A couple of kilometers out of town, on the road to the airport, is the Flower Market (Cho Hoa). IT’s at its busiest around 5am, but if you get there before 7am you can enjoy the frenzy of colors and scents. There’s an astonishing skill to stacking and pilling massed of bunches of flowers on the back of bicycles and motorbikes, so that they almost totally obscure the drive but still just leave room to see! It’s a great photo-opportunity.
In the greater Hanoi region, Mo Market is far to the south of the central area, on Pho Bac Mai and Pho Minh Khai. It’s not a place for tourists, as the main products are fresh metal, fish and vegetables, but may be of interest to expats who prefer to do their own cooking.
Buoi Market, out in the far northwest, is notable for live animals (chickens, ducks, pigs and so on), but also features ornamental plants. You can probably find better-quality ornamental plants for sale at the gardens in front of the Temple of Literature.
Around Pho Hang Bong and Pho Hang Gai, just northwest of Hoan Kiem Lake, are plenty of shops selling souvenir T-shirts and Viet Cong (VC) headgear. T-shirts are either printed or embroidered. It might be worth nothing, however, that neither Ho Chi Minh T-shirts nor VC headgear are very popular apparel with Vietnamese refugees and certain war veterans living in the West. Wearing such souvenirs wide walking down a street in Los Angeles of Melbourne might offend someone and possibly endanger your relationship with the local overseas-Vietnamese community, as well as your dental work.
Pho Hang Gai and its continuation, Pho Hang Bong, are a good place to look for embroidered tablecloths, T-shirts and wall hangings. Pho Hang Gai is also a good place to have clothes custom-made. Take a look along Pho Hang Dao (just north of Hoan Kiem Lake) for souvenir Russian-made watched.
IF you don’t make it up to Sapa, there is a wide selection of ethnic-minority garb and handicrafts available in Hanoi; a stroll along Pho Hang Bac or Pho To Tich will turn up close to a dozen places. Craft Link (Central Hanoi map; 8437710; 43 Pho Van Mieu) is a not-for-profit organization that buys good quality tribal handcrafts and weavings at fair-trade prices, and funds community development initiatives for the artisans.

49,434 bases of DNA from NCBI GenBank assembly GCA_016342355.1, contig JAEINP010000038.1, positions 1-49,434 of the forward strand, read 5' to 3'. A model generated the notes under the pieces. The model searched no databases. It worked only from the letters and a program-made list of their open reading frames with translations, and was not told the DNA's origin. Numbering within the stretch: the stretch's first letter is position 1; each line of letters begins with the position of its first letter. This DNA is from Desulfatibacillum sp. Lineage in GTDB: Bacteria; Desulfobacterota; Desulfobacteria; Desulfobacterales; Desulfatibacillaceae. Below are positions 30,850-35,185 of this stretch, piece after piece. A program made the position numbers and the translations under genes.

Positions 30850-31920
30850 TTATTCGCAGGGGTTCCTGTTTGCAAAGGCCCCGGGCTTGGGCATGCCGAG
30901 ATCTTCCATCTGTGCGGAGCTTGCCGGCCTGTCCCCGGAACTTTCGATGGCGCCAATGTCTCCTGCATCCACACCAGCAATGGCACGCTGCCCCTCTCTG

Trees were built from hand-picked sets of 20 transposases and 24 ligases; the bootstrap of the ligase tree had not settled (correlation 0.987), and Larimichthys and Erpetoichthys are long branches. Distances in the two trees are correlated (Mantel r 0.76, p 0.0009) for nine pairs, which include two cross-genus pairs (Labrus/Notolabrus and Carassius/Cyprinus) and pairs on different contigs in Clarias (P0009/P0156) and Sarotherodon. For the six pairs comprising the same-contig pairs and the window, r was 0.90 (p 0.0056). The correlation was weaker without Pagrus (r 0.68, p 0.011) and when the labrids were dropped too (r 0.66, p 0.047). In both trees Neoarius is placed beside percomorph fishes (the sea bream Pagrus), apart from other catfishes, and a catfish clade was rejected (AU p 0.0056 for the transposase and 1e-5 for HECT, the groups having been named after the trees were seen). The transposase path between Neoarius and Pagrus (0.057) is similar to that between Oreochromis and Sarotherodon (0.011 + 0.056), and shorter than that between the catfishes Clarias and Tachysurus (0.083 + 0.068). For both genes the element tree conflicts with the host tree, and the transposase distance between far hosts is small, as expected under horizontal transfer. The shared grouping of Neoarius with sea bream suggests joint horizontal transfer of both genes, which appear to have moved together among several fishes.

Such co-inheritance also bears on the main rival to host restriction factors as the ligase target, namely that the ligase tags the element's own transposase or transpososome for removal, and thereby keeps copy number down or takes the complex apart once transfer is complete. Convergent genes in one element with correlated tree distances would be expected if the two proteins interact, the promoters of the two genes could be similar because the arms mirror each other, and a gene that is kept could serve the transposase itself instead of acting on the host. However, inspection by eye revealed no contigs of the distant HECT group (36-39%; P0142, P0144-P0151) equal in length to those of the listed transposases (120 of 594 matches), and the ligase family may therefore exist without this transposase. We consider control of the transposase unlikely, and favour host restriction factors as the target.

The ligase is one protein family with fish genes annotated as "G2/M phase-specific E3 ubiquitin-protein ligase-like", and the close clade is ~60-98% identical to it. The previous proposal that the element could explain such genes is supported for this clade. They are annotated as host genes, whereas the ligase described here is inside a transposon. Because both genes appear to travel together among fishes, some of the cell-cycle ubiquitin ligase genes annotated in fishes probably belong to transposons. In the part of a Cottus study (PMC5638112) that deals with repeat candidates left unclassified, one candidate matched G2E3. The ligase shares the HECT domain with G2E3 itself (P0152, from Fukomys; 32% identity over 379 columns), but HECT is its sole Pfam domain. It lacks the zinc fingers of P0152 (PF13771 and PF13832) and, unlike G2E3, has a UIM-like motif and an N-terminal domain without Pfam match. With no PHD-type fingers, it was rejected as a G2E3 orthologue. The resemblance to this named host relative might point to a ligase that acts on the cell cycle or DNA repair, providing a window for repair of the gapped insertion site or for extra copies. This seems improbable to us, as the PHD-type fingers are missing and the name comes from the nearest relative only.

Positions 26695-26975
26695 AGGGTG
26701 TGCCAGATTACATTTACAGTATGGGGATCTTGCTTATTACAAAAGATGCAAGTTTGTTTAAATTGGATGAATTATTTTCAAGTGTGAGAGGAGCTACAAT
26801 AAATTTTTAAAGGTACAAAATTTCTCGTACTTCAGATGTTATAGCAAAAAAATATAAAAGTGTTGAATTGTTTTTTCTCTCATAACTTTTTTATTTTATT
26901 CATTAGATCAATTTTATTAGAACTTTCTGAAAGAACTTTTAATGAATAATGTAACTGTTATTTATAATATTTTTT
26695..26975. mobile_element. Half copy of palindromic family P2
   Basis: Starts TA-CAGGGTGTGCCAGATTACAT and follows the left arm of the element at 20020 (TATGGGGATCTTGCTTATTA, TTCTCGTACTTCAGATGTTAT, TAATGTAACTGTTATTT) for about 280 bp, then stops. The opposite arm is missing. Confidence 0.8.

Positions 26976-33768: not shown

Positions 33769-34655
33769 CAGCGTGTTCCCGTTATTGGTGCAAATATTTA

There is an outstanding shoe market (Pho Hang Dau) at the northeast corner of Hoan Kiem Lake; however, it’s difficult to find large sixes for big Western feet.
For the best in CDS and DVD (usually about US$2), there are several shops along Pho Hang Bong and Pho Trang Tien. Be aware that they’re bootleg, though, so not strictly legal.
On Pho Trang Tien you’ll also find many shops willing to make dirt-heap eyeglasses in a mere 10 minutes.
La Boutique and the Silk (Old Quarter map; tell: 829 5368; 6 Pho Nha Tho), near St Foseph Cathedral, is well worth stopping by. The original design are inspires by Vietnamese ethnic-quality Lao silk.
Khai Silk (Old Quarter map; tell:825 4237; email: [email protected]; 96 Pho Hang Gai) is another place in vogue for silk clothing. The proprietor, Khai, is fluent in both French and English, and the clothes are modern and Western in design. There are also Khai Silk branches in the posh Sofitel MEtropole and Nikko Hotels.
Ipa-Nima (tell: 924 1872; 59G Pho Hai Ba Trung) has a fabulous collection of clothes and what can only be described as designer-kitsch beaded tops and accessories.
Several beautiful furnishing shops are located on Pho Nha Tho.
Aspiring young artists display their works in Hanoi’s private art galleries in the hope of attracting a buyer. The highest concentration of upmarket galleries is on Pho Trang Tien, between Hoan Kiem Lake and the Opera House – just stroll down the strip. Most art galleries have some English-speaking staff, and are open daily until 8pm or 9pm. Most range from a few dollars into the thousands, and polite bargaining is the norm.
In a cluster around the Old Quarter corner of Pho Trang Tien and Pho Ngo Quyen are Gallery Huong Xuyen (web: www.huongxuyengallery.com), which also stocks some beautiful greetings cards; A Gallery (web: www.vietnamesepainting.com), with both permanent and visiting exhibitions; and Hanoi Contemporary Art Gallery (web: www.hanoi-artgallery.com), with some ceramics as well as paintings. Just about opposite these is Nam Son Art Gallery (email: [email protected]), another interesting contemporary exhibition gallery.
Close to the Dan Chu Hotel is the well-established Hanoi Studio and Van Gallery (web: www.vangallery.com).
Hanoi Gallery (110 Hang Bac; open 9am-8pm daily), in the Old Quarter, stocks a great selection of old propaganda posters, with translations of the slogans, and mailing tubes for easy carrying or mailing.
Handicrafts & Antiques
There are quite a number of stores in Hanoi offering new and antique Vietnamese handicrafts (lacquerware, mother-of-pearl inlaid furniture, ceramics, sandalwood, oil paintings, prints and assorted antiques (real and fake). Pho Hang Gai, Pho To Tich, Pho Hang Khai and Pho Cau Go are good areas for souvenir hunting.
Furniture Gallery (Old Quarter map; tell: 826 9769; 8B Pho Ta Hien) is an enotmous warehouse of antiques, paintings, furnitures and handicrafts.
Vietnamese House (tell: 826 2455; 92 Hang Bac), not far from Furniture Gallery, is a small but attractive shop dealing in a hodgepodge of old and new treasures.
There is a strip of antique shops on Duong Le Duan, across from the Nikko Hotel (see Central Area map), but most tend to be overpriced